In September 2018, we kicked off our One, Ten, One Hundred campaign by launching three ads produced by Sandwich Video. These ads were about Soapbox, our old Chrome extension that has since become available right in Wistia.
Today, we’re back to tell you how these ads actually performed. For those of you who are a little late to the party (or if you could just use a quick refresher), here they are in all their glory.
Claude Zeins directed, starred, and shot this video on his iPhone X.
This video was shot on a Canon C300. Also directed by and starring Claude.
A full production crew was brought in for this video, which was shot on an Arri Amira. Claude had done quite a lot of work by this point. So, Sandwich decided to upgrade him.
We spent $60,000 over a three-week period to get as many people as possible to watch the videos, and most importantly, install Soapbox. In order to maximize our learnings throughout this process, we decided to take the opportunity to experiment with a variety of different ad formats.
“In order to maximize our learnings throughout this process, we decided to take the opportunity to experiment with a variety of different ad formats.”
To determine which of the three ads resonated best with our target audience, the ads were all separately promoted on YouTube and Facebook with similar targeting and copy, and with a primary key performance indicator (KPI) of Cost Per Install.
We then also tested two innovative ad formats on Facebook. First, we experimented with sequential advertising (e.g., if you watched the $1K ad, then you’d be served the $10K version, and so on). Second, we used the Facebook carousel functionality to display the three video ads in a row so viewers could watch and then compare all the ads within one post.
So, how did they perform? Drumroll please …
When we reviewed the data, the $10K video performed twice as well as the $1K and $100K ads, with nearly half the Cost Per Install (CPI). On YouTube, the $10K ad had an average CPI of $6.66 vs. >$10 for the other two ads, and on Facebook, the difference was even more dramatic.
This outcome, however, was not wholly surprising to us. At Wistia, we felt the $10K version had the strongest overall narrative and connection to the product, and of the three ads, best told the story of what Soapbox was and how it could be used.
Does this mean that $10K ads will always perform better than high budget options? No, of course not. But, it does show that they can, which stands as evidence that good storytelling matters far more than production quality.
It’s not the bells or whistles that make a great ad, but the creativity put into producing it. That creativity is hard to come by, and the best agencies rightly charge a premium for it, but small businesses with a good idea and willingness to get scrappy should optimistically recognize that successful video advertising is not beyond their means, no matter their size.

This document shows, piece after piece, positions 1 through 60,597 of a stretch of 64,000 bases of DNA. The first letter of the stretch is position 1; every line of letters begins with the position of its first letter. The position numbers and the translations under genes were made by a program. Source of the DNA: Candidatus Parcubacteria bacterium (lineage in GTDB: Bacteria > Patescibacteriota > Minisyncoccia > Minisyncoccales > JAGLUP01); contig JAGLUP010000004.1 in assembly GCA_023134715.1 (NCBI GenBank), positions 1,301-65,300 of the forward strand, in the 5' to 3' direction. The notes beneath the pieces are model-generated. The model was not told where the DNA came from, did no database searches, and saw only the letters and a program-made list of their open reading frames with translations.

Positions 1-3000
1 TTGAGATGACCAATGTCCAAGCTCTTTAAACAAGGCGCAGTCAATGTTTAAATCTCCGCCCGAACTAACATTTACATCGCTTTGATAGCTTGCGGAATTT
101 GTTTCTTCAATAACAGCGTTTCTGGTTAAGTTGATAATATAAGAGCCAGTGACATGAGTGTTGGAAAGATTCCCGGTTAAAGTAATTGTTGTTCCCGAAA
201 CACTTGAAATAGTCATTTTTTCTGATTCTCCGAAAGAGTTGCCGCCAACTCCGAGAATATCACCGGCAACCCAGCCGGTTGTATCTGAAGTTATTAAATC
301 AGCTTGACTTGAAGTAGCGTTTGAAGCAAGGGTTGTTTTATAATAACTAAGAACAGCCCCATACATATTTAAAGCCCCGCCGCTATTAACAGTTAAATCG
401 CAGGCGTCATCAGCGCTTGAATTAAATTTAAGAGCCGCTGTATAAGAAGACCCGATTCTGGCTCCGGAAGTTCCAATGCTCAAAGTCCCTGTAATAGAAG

At the end of the day, YouTube was the more efficient channel for driving installs, but Facebook may be more effective at driving overall brand awareness.
“At the end of the day, YouTube was the more efficient channel for driving installs, but Facebook may be more effective at driving overall brand awareness.”
In terms of Cost Per Install (CPI), the Trueview for Action format on YouTube worked most efficiently for us for every variation of the ad. This format includes a clear “call to action” and only charges advertisers if audiences watch >30 seconds of the ad (or 100% of the video if the ad is shorter).
Because this format charges based on engagement rather than pure impressions, it seems to work well to distribute content that fits a “viral advertising” content type — videos between 30 seconds and three minutes, which tell a shareable story, tied to a specific product.
However, Facebook, with its more varied advertising options, enabled us to drive the volume of views necessary to support a big uptick in brand awareness. The sequential advertising concept we embraced (serving the $10K ad to those who watched the $1K, and then the $100K version to those who watched the $10K ad) enabled us to drive nearly 600,000 impressions with a Cost Per Thousand (CPM) of just over $10, our most efficient buy in terms of getting the most eyes on our content to date.
Does Production Quality Matter in Video Advertising? A Wistia Report includes a detailed explanation of our methodology, the results we saw from each ad, and insights gathered from the whole process that you can apply to your next campaign. Interested? Great! Simply enter your email address below to download the full report.
PS: In case you’re curious, we’re still running the winning $10K ad on YouTube with refined copy, and we also deployed a mixture of the carousel and traditional video ad formats for the $10K ad on Facebook.